Temperature-wise, a mild week is forecast from coast-to-coast; above-average readings are likely. No big cool-down is likely in the days just before Christmas, which means chances for a white Christmas are very low for most of the nation.
This article originally appeared on USA TODAY: Christmas travel weather forecast: Mostly wet, but not white, for travelers this week
More than 40 people were injured in an explosion on Sunday night at a restaurant in northern Japan.
The explosion occurred in Sapporo, the capital city of Japan’s northern main island of Hokkaido, and caused nearby apartment buildings and houses to shake.
Police said 42 people were injured, most of them mildly, though one was in serious condition. They were rushed to nearby hospitals for treatment.
The cause of the explosion, which occurred at a two-storey restaurant in the Toyohira district, is under investigation, police said, adding that they had no further details.
TV footage from Japanese public broadcaster NHK showed the restaurant in flames, with debris scattered on the ground.
The footage later showed grey smoke billowing from the restaurant as dozens of firefighters poured water onto the building, which was charred and nearly collapsing. Windows on an apartment building next door were broken, and cars parked outside were partially covered with debris that had fallen on them.
A witness told NHK that he smelled gas after the sound of an explosion. The broadcaster said the district office was to set up a shelter for neighbours of the restaurant to stay overnight so they could escape the smoke.
As devastating wildfires appear to worsen each year, many residents who might face potential impacts from future blazes might choose to take additional steps to ensure that their homes are adequately insured against fire damage.
While homeowners insurance does typically include coverage for destruction of a home and belongings as a result of a wildfire, coverage can vary based on the policy and where the home is located, according to Allstate. Some insurers also don’t sell homeowners insurance policies in places that commonly experience wildfires.
What type of wildfire coverage can you expect?
Homeowners should be aware of what type of protection their insurance policy covers in the event of wildfire damage.
Insurance will typically offer coverage for your dwelling, which includes your house and attached structures like garages or decks, according to Allstate. Dwelling coverage may also help pay for any repairs or necessary rebuilding.
„If a wildfire damages a home, a standard homeowners policy typically covers the cost to fix the damage and replace any belongings that were damaged or destroyed as a result of the fire,” said Michael Crowe, CEO of Clearsurance, an online publisher of insurance consumer data.
If the home is left uninhabitable, Coverage D in a standard homeowners policy, which covers loss of use, is designed to help homeowners with additional costs of living expenses, according to Crowe.
„Some of the expenses that may be included are hotel accommodations, additional meals that exceed the regular cost of living, pet boarding, storage fees and laundry bills,” said Crowe, who added that it’s important to keep all receipts for these expenses.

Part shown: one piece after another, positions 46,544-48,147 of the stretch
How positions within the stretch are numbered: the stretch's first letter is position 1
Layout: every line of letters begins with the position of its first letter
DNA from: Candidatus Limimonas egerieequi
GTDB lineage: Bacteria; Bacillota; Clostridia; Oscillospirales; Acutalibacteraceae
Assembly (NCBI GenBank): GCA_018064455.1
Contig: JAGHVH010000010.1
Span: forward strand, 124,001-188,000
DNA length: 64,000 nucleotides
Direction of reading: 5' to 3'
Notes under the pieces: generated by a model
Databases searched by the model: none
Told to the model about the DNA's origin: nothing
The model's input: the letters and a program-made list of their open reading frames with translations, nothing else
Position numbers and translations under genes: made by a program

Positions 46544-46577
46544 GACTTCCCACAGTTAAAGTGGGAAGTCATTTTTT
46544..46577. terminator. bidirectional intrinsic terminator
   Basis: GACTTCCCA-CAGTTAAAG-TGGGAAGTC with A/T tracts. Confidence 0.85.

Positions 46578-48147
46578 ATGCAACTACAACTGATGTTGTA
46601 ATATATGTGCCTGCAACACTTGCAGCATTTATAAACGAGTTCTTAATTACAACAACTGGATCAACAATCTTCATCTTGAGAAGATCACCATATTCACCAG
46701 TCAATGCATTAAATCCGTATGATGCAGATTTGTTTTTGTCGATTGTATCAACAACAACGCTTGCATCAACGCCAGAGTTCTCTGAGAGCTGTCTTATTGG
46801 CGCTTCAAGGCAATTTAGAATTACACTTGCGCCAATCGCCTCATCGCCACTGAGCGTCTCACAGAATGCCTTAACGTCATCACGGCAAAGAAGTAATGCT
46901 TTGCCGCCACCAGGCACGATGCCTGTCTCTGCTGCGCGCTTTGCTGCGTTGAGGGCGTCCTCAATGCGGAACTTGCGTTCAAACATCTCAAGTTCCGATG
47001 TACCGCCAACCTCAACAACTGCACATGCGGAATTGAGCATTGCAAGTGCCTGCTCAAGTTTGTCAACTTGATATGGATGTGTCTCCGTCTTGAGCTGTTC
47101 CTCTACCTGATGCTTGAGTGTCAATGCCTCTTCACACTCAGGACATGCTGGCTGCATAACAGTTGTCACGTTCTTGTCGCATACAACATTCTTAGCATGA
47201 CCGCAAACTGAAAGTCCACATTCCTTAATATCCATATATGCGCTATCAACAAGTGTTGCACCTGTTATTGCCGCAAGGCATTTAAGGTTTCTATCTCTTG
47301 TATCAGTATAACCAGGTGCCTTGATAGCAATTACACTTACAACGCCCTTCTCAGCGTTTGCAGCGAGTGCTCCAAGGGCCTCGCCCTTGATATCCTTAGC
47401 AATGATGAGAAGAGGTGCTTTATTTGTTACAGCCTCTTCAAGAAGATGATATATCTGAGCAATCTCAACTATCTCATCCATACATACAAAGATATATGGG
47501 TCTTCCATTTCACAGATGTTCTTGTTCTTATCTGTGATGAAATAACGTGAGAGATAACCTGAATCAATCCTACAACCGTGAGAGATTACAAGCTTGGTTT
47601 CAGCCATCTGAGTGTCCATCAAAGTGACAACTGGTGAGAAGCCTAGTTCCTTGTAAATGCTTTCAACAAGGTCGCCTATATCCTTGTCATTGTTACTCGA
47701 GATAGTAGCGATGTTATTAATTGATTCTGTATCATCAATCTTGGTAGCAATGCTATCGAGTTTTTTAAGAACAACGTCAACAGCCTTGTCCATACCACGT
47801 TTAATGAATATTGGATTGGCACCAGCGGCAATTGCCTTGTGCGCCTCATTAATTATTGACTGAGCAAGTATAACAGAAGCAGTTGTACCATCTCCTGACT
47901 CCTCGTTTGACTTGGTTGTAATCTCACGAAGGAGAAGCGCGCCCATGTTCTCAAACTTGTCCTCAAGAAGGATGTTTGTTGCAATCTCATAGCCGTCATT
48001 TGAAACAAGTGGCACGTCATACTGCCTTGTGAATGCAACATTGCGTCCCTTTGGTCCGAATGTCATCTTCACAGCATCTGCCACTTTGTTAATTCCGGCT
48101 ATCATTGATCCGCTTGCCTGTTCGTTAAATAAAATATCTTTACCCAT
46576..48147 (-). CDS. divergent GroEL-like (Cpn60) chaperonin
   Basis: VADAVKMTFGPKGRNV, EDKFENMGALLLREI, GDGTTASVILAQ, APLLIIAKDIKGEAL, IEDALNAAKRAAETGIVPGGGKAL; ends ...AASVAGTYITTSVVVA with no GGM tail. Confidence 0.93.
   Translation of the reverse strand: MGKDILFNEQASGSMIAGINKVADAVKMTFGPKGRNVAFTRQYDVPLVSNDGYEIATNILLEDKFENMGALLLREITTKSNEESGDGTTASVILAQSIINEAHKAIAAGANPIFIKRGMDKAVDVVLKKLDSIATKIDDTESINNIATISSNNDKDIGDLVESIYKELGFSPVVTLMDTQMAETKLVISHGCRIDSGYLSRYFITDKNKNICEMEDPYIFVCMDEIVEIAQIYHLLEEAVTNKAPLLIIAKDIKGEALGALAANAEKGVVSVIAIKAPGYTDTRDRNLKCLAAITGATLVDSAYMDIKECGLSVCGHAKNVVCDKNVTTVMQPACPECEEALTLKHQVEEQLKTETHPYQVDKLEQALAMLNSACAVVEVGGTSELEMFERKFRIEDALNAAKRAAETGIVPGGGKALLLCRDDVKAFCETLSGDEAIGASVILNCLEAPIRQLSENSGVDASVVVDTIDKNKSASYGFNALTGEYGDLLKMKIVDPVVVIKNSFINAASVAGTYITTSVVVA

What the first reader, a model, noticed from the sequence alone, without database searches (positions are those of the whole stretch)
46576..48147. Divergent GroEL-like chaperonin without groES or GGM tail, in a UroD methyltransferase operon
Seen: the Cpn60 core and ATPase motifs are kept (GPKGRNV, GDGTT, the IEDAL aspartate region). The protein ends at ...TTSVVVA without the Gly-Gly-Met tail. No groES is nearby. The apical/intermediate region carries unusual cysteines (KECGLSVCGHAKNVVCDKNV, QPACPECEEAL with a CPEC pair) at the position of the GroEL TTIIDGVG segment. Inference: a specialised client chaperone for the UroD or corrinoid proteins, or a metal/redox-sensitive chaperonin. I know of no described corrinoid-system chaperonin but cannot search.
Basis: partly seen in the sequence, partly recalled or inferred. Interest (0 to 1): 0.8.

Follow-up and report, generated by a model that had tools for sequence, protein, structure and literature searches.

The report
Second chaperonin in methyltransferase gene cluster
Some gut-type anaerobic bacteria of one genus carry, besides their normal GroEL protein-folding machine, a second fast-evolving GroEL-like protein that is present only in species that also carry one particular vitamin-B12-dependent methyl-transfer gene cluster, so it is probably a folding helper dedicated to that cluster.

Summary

However, coverage for additional living expenses doesn’t mean all costs after a wildfire are covered, according to Crowe. „For example, a homeowners mortgage payment or other expenses like birthday presents aren’t included,” he said. „The additional living expenses only covers expenses a homeowner wouldn’t have had if it weren’t for the wildfire, like temporary housing or a storage facility for belongings while the home is rebuilt.”
You can also expect your belongings to be covered. Personal property including clothing and furniture are normally covered in a standard policy, but homeowners should review their specific policies for any limits on coverage.
You should review your homeowners insurance for possible landscaping coverage it may offer for your land and yard, as there might be limited coverage for damaged trees, shrubs or plants, according to the American Institute of Certified Public Accountants.
Important steps to take
„It’s important to double-check with your policy, because some companies decide to have special exemptions for fire damage, especially with the increase in frequency and damage that has been caused by fires in the last decade,” said Nathan Barber, digital content specialist for insurance comparison marketplace QuoteWizard.
„First, make sure to create a digital home inventory that itemizes all the things in your home, including estimated values and photos,” Barber said. „Compare the total value of your belongings in your home inventory with the amount of coverage for your belongings in your policy.”
It will also be helpful to create a list of and note the values for collectible items that are typically excluded from a homeowners insurance policy, including art, coins, jewelry, china, rugs and wine.
After you create your digital home inventory, you can then work with your agent to ensure that your valuables are covered, according to Barber. He also recommended remembering to take photos of the various materials and equipment in your home.
„If you have done extensive remodeling with new appliances, floors, roof, etc., you want to make sure it’s covered in your policy if your home is destroyed,” Barber said.
„Have your home inventory stored away from the home,” he advised. „If it burns due to a wildfire and you lose your home inventory as a result, you won’t have the proper information to get reimbursed in a timely manner.”
When it’s time to file a claim
The sooner a homeowner files a claim after wildfire damage, the better, experts say, as insurance companies in the area are likely to be inundated with an influx of claims after a wildfire.
„In order to get the claims process started quickly, the earlier the claim is filed, the more likely it is that you’ll be helped sooner,” Crowe said. „Insurance adjusters will also be requesting a description of each damaged item from the wildfire, so being organized with a home inventory will help make for a smoother claims process.”